Blue Christmas Sermon December 20, 2022
Lessons: Isaiah 40:1-31
Let the words of my mouth and the medications of my heart
be acceptable in your sight, O Lord. Amen.
“Why did she have to die?”, I asked the mother of one of my
friends. “She was only 15 years old!” Mrs. Peachtree (not
her real name) answered, “She’s in a much better place.”
While that was true, those aren’t the words that one
necessarily wants to hear when they are hurting over the loss
of a loved one. Mische and I used to ride the school bus
together every day and have a blast. Mische was funny,
compassionate, and caring. She wanted to be a veterinarian
when she got older. In fact, that contributed to how she died.
She ran back into her family’s burning house to rescue one
of the dogs that hadn’t made it out from the fire with the
other animals and human family members. All had made it
out except Mische’s dog. The fire fighters found them
together with Mische’s lifeless arms wrapped around her fur
companion. Neither one made it out. All of Mische’s friends
were so angry! How could God let this happen? And we sure
didn’t need to hear that Mische was in a better place, when all we wanted was for her to be with us, back on the school
bus with her infectious smile, silly jokes, and beautiful
All of us have experienced grief, pain, and loss in our lives,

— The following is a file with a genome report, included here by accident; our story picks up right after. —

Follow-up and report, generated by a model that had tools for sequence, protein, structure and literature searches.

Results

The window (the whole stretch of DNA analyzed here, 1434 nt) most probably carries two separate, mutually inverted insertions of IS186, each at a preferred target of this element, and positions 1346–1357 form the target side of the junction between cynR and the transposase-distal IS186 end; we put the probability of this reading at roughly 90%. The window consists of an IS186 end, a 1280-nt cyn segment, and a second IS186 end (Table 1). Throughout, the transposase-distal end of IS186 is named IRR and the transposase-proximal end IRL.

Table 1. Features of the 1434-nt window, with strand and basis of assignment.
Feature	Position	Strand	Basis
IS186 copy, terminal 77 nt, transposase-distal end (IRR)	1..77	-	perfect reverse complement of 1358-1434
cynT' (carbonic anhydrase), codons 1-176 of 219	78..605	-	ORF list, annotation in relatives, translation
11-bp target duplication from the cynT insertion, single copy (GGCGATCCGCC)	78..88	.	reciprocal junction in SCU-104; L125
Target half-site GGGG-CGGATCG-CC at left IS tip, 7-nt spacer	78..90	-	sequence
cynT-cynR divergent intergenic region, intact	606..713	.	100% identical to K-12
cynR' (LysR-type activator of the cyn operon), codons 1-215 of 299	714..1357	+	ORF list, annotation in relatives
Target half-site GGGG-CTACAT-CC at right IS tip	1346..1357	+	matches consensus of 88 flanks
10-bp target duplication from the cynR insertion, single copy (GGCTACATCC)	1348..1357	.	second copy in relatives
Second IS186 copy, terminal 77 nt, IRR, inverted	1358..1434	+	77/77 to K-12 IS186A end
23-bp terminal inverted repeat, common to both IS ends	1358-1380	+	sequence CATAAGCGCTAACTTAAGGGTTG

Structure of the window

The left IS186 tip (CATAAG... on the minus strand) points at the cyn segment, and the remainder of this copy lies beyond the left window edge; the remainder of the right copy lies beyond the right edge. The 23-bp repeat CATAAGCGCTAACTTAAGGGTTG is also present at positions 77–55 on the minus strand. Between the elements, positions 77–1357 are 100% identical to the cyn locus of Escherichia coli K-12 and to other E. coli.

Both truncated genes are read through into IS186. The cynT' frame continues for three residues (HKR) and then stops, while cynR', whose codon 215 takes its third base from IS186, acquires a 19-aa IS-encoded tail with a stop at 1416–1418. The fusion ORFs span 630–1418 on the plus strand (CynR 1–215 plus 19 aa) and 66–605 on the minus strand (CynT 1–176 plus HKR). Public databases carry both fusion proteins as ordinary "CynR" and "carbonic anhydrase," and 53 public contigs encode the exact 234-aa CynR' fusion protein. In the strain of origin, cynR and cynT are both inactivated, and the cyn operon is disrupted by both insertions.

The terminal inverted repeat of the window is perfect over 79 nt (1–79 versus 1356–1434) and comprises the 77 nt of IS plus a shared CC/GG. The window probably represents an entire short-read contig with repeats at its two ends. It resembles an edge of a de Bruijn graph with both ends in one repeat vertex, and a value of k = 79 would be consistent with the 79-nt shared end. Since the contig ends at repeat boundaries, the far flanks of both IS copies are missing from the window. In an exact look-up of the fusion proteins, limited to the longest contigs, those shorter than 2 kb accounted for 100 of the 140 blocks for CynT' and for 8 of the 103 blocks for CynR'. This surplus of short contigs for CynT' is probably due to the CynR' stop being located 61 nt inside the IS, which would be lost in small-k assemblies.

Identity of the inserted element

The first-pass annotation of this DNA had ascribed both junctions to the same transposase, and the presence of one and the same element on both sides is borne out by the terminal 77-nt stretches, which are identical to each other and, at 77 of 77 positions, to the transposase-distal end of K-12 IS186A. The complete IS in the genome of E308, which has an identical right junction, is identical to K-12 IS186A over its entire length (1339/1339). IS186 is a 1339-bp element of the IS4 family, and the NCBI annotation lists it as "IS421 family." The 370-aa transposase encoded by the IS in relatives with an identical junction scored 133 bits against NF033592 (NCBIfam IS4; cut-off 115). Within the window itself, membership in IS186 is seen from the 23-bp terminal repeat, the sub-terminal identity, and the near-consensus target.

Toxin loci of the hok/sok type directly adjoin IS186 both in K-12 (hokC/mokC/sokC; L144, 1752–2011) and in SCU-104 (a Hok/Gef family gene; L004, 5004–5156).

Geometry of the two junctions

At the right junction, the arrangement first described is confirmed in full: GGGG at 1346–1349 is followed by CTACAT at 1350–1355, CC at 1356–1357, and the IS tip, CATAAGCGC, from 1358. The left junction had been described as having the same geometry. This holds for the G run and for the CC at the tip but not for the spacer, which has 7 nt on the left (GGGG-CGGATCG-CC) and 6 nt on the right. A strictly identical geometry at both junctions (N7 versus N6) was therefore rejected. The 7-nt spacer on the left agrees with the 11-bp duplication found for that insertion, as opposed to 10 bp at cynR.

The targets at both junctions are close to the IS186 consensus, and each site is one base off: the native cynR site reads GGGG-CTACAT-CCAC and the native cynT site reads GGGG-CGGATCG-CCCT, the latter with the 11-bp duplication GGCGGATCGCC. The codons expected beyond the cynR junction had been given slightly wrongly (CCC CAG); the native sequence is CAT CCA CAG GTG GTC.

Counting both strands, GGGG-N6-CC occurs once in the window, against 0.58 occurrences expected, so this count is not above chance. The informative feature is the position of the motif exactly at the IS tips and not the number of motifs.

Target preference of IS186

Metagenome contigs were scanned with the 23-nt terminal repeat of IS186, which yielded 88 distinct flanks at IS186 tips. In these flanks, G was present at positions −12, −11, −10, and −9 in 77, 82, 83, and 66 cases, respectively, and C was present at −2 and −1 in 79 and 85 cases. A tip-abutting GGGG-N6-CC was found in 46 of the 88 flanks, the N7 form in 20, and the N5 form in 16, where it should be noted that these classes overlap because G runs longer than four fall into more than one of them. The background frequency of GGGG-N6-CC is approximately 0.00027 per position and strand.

none of which may be as dramatic as losing a loved one, but
still hurt deeply, especially at this time of year which is
supposed to be so joyful and full of fun! We may feel hurt,
angry, and crabby all the time. Or we may feel lost, bereft,
and all alone. It might be hard to remember why we should
even get out of be in the morning, why we should put two
civil words together, or even comb our hair.
We might be really angry, that our loved one died on us, or
that the person that we thought we knew and loved walked
out the door on us, or recall that awful thing someone did to
us, or even wonder why folks around us look and seem so
happy, bubbly, and bright this time of year while we may
feel like our mood needs a turtle wax to make it shine.
And then there is God. How could God let this happen?
Perhaps we have been taught that we can never be angry
with God because, well, he’s God! So we bottle up that
anger that we have over the difficult, hurtful, or grief
stricken situation that we find ourselves experiencing. And we suffer further. A wise priest friend of mine who was a
counselor once told me that it was okay to be angry at God.
Why? Because he was big enough to take it, and well, he
never stops loving us! That relieved a lot of the guilt that I
was feeling for being angry about a close family member’s
illness. I sighed a huge sigh of relief and was able to let go
of the guilt instead of wallowing in it.
Why do we experience things that are devastating, hurtful,
or depressing in our lives? We can spout off all kinds of
answers. “If we never knew suffering, we would never know
what true joy is like!” Or, “what doesn’t kill you makes you
stronger!” Or, “If there were no evil in the world, how could
we know what goodness there is.” etc. etc. etc. While those